Medical student professional identity formation
Michelle McLean, Bond UniversityFollow
Patricia Johnson, Bond UniversityFollow
Sally Sargeant, Bond UniversityFollow
Several studies have addressed the professional identity formation and socialisation of medical students. The focus of that research, however, usually reflects the perspective of students. On their journey to “becoming” doctors, medical students may interact with faculty members (clinical and basic scientists) as well as simulated patients, nurses and other health professionals, all of whom see this professional identity formation from a different perspective.
The purpose of the present qualitative study, in addition to gathering information from students about their professional identity formation, was to also garner input from the spectrum of teachers with whom students interact over the course of their medical studies. This study is taking place at a single institution with a five-year undergraduate programme, where the majority of students enter directly from high school.
Interviews are framed by several questions, the most important being: When does one become a doctor? Are being a doctor and feeling like a doctor the same thing? What factors contribute to the development of a professional identity as a doctor? Does prior experience in a health profession impact on identity formation? What do teachers and trainers contribute to students’ socialisation into the profession? Does gender and culture impact on professional identity formation?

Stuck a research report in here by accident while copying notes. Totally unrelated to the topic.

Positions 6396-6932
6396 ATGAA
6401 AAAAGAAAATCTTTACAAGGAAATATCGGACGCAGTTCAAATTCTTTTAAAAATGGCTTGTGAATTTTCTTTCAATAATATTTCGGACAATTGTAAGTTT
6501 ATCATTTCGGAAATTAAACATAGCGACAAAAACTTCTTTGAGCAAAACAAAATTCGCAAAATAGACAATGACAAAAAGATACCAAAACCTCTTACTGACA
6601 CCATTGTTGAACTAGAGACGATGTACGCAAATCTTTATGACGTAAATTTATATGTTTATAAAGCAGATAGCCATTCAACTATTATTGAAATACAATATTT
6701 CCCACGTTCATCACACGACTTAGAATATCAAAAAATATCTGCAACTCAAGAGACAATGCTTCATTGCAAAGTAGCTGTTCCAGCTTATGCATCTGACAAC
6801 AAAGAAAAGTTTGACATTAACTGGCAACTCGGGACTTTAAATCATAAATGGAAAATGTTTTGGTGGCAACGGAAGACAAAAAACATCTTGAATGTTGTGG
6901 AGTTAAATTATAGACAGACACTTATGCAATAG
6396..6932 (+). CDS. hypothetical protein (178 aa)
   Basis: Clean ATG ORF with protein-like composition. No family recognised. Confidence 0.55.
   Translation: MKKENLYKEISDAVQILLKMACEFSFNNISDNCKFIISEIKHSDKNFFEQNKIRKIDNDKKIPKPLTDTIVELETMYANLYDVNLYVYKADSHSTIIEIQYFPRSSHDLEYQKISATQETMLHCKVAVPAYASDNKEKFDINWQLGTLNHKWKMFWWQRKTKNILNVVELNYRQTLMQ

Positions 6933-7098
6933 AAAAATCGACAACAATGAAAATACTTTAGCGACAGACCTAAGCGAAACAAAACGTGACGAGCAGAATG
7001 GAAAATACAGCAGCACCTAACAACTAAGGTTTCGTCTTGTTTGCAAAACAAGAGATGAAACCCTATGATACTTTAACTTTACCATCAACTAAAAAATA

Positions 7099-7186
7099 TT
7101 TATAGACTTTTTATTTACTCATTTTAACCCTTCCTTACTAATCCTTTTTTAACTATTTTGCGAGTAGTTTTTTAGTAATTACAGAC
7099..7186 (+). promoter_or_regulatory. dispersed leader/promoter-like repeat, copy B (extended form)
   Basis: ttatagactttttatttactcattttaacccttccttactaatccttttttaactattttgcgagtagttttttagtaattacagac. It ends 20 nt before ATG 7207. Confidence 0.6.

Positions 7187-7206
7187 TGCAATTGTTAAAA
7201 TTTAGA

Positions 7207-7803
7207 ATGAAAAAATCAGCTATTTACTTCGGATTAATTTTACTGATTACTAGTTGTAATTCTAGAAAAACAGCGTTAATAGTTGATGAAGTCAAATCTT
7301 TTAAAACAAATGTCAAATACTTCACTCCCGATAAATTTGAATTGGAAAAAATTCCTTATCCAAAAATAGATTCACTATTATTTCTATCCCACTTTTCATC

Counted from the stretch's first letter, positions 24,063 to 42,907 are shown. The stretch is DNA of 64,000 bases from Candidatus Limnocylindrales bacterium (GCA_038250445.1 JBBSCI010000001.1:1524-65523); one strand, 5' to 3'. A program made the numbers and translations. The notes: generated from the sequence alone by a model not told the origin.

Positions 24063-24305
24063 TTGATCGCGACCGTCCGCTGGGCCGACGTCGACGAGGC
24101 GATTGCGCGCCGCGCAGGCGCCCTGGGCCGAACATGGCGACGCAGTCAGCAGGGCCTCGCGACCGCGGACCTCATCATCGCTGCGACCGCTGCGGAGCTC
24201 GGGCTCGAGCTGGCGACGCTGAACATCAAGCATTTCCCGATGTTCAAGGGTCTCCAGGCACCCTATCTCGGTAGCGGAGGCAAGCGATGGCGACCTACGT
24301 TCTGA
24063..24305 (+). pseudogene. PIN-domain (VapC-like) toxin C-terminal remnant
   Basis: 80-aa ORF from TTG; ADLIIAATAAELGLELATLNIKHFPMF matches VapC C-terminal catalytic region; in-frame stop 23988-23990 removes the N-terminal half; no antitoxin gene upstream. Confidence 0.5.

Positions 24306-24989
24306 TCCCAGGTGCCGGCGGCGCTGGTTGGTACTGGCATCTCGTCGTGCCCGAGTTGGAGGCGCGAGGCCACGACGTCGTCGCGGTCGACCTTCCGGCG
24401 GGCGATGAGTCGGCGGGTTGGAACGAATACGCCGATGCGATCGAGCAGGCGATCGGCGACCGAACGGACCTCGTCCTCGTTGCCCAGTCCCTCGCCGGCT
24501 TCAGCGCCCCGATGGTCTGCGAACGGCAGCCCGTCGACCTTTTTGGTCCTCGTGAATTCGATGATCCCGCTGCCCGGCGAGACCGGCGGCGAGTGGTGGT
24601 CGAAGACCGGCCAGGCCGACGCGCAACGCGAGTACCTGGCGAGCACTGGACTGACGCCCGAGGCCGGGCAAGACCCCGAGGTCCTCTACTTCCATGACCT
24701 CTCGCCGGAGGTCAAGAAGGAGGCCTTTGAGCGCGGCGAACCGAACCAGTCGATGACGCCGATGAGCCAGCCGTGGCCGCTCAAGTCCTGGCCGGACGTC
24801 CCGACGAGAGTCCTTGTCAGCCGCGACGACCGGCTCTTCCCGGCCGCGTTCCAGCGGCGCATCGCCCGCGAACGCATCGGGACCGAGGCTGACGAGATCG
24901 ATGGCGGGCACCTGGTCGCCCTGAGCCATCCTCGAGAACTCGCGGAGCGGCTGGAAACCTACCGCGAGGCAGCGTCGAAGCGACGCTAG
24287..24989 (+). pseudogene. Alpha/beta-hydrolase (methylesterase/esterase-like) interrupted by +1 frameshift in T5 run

The transcribed interviews with students (Years 1-5), registered nurses (teach procedural skills) and simulated patients (involved in history-taking and physical examination) are being analysed. Interviews with problem-based learning facilitators, faculty members and clinical skills tutors (teach physical examination skills) are currently underway.
Different groups of teachers and trainers have provided valuable insight into professional identity formation, often drawing on their own experiences and roles as professionals in the healthcare setting. Although Anatomy, in particular dissection, was identified as a key event by learners in moving from being a student to a medical student, patient contact was identified as important in their beginning to “feel” like a doctor. Surprisingly, “becoming” a doctor for many students would happen only after several years in clinical practice. Simulated patients, on the other hand, saw even first year students as doctors in training, with many treating them as such.
The data are in SPSS and NVIVO format.
Contact Michelle_Mclean@bond.edu.au to determine access conditions.
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